Just Aiken for a good result
I'VE spent a number of years trading the financial markets and one of the most common mistakes I see from both new and experienced traders alike is the practice of 'backfitting' a set of figures to come up with a system.
For example, they may notice that the FTSE rose sharply after lunch in seven of the last 10 Wednesdays.
They then conclude that the market has a 70pc chance of rising after lunch this coming Wednesday and place their trades accordingly. Of course, this approach is completely flawed and doesn't account for how randomness is distributed.
If you tossed a coin for long enough, you would get seven heads in a row at some stage. But on the next toss, heads still has a 50-50 chance of coming up.
Strangely, some people won't accept this logic and that's why it is known as 'the gambler's fallacy.' If ever you go to a casino, you can watch it happen time and time again as people bet on black or red in roulette, thinking the past results will be some sort of guide to the future.
We are guilty of it in racing, too, and sometimes it's tempting to backfit your data to suit your selection. For example, I quite fancy the John Gosden-trained Aiken for the John Doyle Buckhounds Stakes at Ascot today (2.20) and when I checked through the records, I found that Gosden has proved slightly profitable to follow at Ascot since the turn of the century with 44 winners from 317 runners.
That's interesting in itself and if we delve a little further we notice that from those 317 runners, his four-year-olds proved very profitable to follow (€500 profit to a €10 stake), so you can see why the four-year-old Aiken may make appeal.
But betting on this basis is purely 'backfitting' and it doesn't take into account a horse's individuality. It's funny, because we see this sort of data churned out all the time and people often take it at face value.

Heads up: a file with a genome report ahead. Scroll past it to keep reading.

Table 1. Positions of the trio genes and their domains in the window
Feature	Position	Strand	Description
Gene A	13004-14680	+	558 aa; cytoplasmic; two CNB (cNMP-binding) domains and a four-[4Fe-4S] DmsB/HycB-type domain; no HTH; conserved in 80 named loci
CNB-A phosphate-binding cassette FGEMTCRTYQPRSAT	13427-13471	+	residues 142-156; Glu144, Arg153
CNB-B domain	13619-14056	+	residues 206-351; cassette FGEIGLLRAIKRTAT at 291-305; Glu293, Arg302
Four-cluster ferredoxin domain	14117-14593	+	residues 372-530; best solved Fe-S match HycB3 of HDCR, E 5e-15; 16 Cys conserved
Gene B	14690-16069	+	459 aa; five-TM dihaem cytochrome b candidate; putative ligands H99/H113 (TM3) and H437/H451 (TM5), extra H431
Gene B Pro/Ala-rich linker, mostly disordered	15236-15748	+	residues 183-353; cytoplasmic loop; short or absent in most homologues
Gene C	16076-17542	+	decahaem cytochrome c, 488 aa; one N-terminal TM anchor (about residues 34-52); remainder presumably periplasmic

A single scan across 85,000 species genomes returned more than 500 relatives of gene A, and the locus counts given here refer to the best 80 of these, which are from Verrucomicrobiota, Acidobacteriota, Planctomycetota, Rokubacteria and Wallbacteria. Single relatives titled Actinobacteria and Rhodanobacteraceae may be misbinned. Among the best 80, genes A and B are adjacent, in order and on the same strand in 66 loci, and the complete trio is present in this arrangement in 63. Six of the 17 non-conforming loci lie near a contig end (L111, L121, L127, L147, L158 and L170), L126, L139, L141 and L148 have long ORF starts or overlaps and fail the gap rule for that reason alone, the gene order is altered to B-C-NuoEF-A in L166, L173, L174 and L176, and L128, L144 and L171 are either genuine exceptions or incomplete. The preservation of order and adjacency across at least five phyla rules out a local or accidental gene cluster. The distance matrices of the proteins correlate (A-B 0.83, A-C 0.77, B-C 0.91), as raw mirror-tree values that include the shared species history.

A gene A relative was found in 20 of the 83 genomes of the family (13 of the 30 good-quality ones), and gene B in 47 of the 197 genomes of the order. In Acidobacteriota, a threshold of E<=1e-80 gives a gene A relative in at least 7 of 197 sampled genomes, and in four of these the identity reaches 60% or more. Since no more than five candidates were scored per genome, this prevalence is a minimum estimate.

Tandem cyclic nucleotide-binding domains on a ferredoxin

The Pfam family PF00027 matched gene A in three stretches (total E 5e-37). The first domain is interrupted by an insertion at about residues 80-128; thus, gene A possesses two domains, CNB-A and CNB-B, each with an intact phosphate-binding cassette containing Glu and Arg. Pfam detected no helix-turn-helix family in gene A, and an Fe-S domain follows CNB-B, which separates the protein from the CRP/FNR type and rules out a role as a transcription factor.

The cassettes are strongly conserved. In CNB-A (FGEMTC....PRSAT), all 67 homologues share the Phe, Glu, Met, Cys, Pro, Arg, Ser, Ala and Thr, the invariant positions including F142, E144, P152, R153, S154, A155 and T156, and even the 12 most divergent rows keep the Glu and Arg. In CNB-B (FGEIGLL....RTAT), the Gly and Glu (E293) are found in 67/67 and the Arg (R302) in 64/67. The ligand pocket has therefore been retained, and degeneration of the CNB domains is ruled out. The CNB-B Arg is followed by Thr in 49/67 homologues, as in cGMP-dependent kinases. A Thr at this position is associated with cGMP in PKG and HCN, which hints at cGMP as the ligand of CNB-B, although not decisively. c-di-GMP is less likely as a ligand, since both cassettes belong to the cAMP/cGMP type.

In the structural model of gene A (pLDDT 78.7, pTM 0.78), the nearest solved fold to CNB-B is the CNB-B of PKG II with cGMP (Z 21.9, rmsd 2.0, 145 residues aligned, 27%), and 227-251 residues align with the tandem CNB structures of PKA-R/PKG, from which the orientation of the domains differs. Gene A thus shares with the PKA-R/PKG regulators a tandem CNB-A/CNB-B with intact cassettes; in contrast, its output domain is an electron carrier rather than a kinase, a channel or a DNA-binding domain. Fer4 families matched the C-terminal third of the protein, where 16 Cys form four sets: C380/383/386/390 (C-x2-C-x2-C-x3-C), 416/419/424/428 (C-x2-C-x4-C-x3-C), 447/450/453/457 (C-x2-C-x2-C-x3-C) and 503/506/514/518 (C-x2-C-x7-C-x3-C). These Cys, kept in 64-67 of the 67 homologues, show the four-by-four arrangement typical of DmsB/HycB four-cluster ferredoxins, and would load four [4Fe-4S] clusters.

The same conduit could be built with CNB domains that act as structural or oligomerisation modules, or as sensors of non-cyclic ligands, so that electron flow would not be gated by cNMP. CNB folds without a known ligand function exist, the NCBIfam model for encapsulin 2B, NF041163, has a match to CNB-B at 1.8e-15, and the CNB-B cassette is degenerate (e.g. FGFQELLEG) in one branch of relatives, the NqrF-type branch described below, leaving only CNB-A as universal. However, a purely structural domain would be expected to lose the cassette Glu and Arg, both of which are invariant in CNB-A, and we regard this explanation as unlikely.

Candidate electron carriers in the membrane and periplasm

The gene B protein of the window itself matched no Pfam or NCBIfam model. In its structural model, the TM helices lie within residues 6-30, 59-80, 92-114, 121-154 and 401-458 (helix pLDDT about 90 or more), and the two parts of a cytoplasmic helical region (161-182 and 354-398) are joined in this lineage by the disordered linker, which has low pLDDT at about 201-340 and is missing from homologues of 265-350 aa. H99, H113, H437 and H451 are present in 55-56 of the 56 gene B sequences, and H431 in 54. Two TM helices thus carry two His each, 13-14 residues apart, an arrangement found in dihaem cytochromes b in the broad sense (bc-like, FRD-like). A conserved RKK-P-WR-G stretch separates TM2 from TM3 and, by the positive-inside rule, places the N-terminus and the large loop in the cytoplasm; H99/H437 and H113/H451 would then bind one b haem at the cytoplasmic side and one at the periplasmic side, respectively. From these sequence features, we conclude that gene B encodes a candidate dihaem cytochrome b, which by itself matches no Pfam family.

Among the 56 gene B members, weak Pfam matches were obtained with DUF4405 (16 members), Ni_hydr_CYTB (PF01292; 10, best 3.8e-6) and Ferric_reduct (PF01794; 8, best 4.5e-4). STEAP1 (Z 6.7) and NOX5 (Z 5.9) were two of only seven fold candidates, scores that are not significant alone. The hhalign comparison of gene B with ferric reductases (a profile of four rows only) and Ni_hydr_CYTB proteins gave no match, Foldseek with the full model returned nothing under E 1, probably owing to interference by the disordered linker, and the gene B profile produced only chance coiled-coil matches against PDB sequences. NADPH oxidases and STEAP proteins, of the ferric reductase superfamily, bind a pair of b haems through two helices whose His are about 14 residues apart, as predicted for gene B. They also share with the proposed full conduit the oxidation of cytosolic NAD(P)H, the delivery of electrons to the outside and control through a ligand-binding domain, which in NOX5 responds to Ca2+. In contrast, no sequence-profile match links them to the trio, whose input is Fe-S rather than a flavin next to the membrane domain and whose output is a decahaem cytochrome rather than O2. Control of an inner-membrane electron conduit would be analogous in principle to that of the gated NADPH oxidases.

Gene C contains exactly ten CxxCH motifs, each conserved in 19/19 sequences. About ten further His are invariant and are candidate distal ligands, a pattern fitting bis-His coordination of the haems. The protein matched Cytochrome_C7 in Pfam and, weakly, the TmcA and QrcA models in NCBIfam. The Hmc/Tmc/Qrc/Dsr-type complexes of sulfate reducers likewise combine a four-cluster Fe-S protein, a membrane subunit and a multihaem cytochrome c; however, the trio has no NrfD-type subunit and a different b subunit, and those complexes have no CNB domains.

Certainly, there are times when a trainer is worth following at a certain track (Dermot Weld at Galway is a good example), but the point I'm trying to make is that one must be wary of the stats and trends that are bandied about so freely in the racing world and it's best to judge each horse on its merits.
Thankfully, in this case, Aiken does happen to have ability and his price of 5/4 in the early markets makes plenty of appeal irrespective of his trainer's record at the course. He'd a good season last term, but was most impressive on his return at Epsom in April, where he took a tricky handicap in his stride.
It wasn't just his racing that impressed; he was in tip-top shape in the parade ring too and you could see how much his physique had improved over the winter. I've no doubt that he'll win more prize money this season and a Listed race is well within his grasp, especially on his preferred softer ground.
As regards rivals, Dawn Twister is an interesting contender and is widely available at 7/4. He won a Listed race in Germany back in 2010 and made a winning start for his new yard (Lucy Wadham) at Ripon last month. He'll handle the soft and should give the selection a bit to worry about.
SHE may be running off an all-time high mark of 96, but I still believe Bonnie Brae has plenty of room for improvement and is taken at 12/1 for today's Betfred Victoria Cup Handicap at Ascot (3.25).
She'd a fine season in 2010 and brought the curtain down with a comfortable win in a competitive handicap at Doncaster.
Not all of these will handle a bit of cut in the ground, but this five-year-old loves it, and with parts of Ascot expected to be heavy, she'll find conditions at the Berkshire venue right up her street.
2.10 Lingfield: Best Terms
2.20 Ascot: Aiken
3.10 Lingfield: Rougemont
3.25 Ascot: Bonnie Brae (e/w)
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